Mathematics in Bonn covers all research fields by international renowned institutes. They share a broad vision of mathematics. At its center is the classical core, i.e. the mathematics of the famous and fertile conjectures, with its surprising new connections and its deep symbiosis with theoretical physics.
University Bonn: Physics . . .
is the study of the material world. Its historical mission was to push the boundaries of superlatives: the smallest subatomic particle, the quickest time interval, the most precise measurement, the most perplexing of unexplained phenomena. In the 21st century, these challenges are augmented with a need to understand how particles interact under extreme conditions or complex situations. For instance, we seek to fulfill the promise of nanotechnology, quantum computing, computational simulation, and biophysical understanding.
What is now Universität Stuttgart was founded in 1829, and celebrated its 175th anniversary in 2004. Because of the increasing importance of the technical sciences and the associated studies of the students, from 1876 the university was known as the Technical College. This was awarded the promotional rights for the technical disciplines in 1900. The development of the courses of study at the Technical College of Stuttgart led to its renaming in 1967 as the present-day "Universität Stuttgart".
Spectroscopy (UV/VIS/IR Absorption and Fluorescence), Design and Application of Fibre optical Sensors for in-vivo and in-vitro Monitoring, Photodynamic Therapy (PDT), Software and Application Programming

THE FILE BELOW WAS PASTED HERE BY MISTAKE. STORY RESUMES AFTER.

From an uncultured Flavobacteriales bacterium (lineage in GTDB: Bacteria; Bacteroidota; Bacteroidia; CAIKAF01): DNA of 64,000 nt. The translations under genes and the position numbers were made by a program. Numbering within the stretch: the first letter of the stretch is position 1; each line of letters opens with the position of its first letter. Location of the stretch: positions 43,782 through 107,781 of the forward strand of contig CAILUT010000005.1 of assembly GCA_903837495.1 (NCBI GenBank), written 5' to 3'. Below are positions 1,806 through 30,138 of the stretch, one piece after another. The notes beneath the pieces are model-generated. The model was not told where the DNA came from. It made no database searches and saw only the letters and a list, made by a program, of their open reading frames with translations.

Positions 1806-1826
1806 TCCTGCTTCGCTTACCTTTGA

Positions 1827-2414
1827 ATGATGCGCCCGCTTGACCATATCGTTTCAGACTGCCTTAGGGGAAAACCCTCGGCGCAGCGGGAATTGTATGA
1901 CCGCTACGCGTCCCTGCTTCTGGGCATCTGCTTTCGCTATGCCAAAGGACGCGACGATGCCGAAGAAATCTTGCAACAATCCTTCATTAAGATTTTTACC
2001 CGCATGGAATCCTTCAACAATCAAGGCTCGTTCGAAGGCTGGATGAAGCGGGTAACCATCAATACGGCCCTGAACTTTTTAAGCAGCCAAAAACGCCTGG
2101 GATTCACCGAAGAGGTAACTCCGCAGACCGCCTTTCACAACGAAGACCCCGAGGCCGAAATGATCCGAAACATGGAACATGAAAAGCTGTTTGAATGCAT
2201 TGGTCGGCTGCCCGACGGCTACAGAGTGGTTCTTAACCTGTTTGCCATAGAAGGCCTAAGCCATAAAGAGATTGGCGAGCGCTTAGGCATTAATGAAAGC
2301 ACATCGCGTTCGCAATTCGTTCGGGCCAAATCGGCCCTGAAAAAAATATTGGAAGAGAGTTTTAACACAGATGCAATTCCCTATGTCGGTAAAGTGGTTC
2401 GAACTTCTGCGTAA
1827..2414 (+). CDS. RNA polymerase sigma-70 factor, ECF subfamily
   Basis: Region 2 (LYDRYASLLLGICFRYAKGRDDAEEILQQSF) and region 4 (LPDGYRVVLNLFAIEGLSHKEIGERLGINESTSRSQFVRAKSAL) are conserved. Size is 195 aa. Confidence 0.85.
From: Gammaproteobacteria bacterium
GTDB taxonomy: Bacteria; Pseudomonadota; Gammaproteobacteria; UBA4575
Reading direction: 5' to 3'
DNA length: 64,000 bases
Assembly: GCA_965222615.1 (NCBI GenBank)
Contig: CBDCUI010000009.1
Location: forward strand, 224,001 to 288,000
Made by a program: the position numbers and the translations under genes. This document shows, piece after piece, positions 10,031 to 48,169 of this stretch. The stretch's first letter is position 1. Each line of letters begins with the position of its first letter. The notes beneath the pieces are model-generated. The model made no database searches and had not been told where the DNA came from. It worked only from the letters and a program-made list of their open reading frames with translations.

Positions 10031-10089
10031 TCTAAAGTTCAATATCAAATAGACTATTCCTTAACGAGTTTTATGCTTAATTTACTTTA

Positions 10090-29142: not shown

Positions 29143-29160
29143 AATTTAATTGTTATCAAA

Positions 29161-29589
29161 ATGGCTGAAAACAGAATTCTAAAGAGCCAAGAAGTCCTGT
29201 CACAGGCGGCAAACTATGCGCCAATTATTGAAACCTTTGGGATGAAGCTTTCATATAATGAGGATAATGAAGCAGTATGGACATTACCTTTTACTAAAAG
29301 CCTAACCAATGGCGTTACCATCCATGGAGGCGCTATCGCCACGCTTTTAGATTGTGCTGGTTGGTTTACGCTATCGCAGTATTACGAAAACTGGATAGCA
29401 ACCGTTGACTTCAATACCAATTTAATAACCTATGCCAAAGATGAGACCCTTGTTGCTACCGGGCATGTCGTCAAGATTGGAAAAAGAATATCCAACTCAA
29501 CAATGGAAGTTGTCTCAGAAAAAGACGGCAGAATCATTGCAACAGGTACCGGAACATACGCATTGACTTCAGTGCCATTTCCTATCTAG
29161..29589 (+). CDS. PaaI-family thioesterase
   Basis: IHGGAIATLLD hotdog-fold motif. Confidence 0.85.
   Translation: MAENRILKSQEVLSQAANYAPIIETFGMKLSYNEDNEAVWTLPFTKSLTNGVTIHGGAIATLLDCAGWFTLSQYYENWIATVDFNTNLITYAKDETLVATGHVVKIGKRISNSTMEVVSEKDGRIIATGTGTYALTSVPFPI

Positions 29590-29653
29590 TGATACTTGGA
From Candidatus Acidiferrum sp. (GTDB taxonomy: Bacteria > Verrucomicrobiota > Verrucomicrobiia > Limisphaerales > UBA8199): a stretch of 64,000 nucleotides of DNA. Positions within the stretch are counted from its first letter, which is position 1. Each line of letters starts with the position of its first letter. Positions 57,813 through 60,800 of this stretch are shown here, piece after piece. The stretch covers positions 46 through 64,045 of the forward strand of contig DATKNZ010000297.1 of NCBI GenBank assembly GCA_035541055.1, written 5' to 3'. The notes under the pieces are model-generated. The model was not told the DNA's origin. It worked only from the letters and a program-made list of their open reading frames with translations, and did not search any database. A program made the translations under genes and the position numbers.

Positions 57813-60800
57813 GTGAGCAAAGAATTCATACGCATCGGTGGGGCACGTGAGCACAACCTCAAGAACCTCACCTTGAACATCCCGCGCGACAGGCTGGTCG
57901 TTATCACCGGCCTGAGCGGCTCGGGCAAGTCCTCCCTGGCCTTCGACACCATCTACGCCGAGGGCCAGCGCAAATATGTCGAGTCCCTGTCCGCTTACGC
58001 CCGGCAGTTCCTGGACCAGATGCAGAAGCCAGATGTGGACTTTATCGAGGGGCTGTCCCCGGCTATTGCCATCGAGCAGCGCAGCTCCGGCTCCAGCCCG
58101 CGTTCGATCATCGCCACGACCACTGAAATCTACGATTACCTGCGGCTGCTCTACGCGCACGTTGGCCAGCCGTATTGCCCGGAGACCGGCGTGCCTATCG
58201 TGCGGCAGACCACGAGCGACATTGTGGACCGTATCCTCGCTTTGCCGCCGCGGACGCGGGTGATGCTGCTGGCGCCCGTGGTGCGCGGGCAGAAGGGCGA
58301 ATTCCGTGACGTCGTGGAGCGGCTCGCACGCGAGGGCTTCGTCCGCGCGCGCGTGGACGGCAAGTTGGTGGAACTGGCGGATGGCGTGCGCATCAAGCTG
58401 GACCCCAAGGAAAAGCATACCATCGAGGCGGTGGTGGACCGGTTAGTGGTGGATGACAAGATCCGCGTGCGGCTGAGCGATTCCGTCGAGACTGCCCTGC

The experimental research program at this time are closely coordinated with the theoretical program in order to minimize expensive short-term experimental work which can be simulated by numerical techniques. Areas of experimental interest include laser-plasma, laser-electron beam and laser-matter interactions, thermonuclear fusion, electromagnetic wave generation, the generation of intense electron and ion beams, large area plasma processing sources, advanced accelerator development, inductive energy storage, high-frequency microwave processing of advanced ceramic and metallic materials, electromagnetic rail guns, laboratory simulation of space plasma phenomena, and in-situ and remote sensing space plasma measurements.
Dye lasers use an organic dye as the gain medium. The wide gain spectrum of available dyes allows these lasers to be highly tunable, or to produce very short-duration pulses (on the order of a few femtoseconds). Although these tunable lasers are mainly known in their liquid form, researchers have also demonstrated narrow-linewidth tunable emission in dispersive oscillator configurations incorporating solid-state dye gain media. In their most prevalent form these solid state dye lasers use dye-doped polymers as laser media.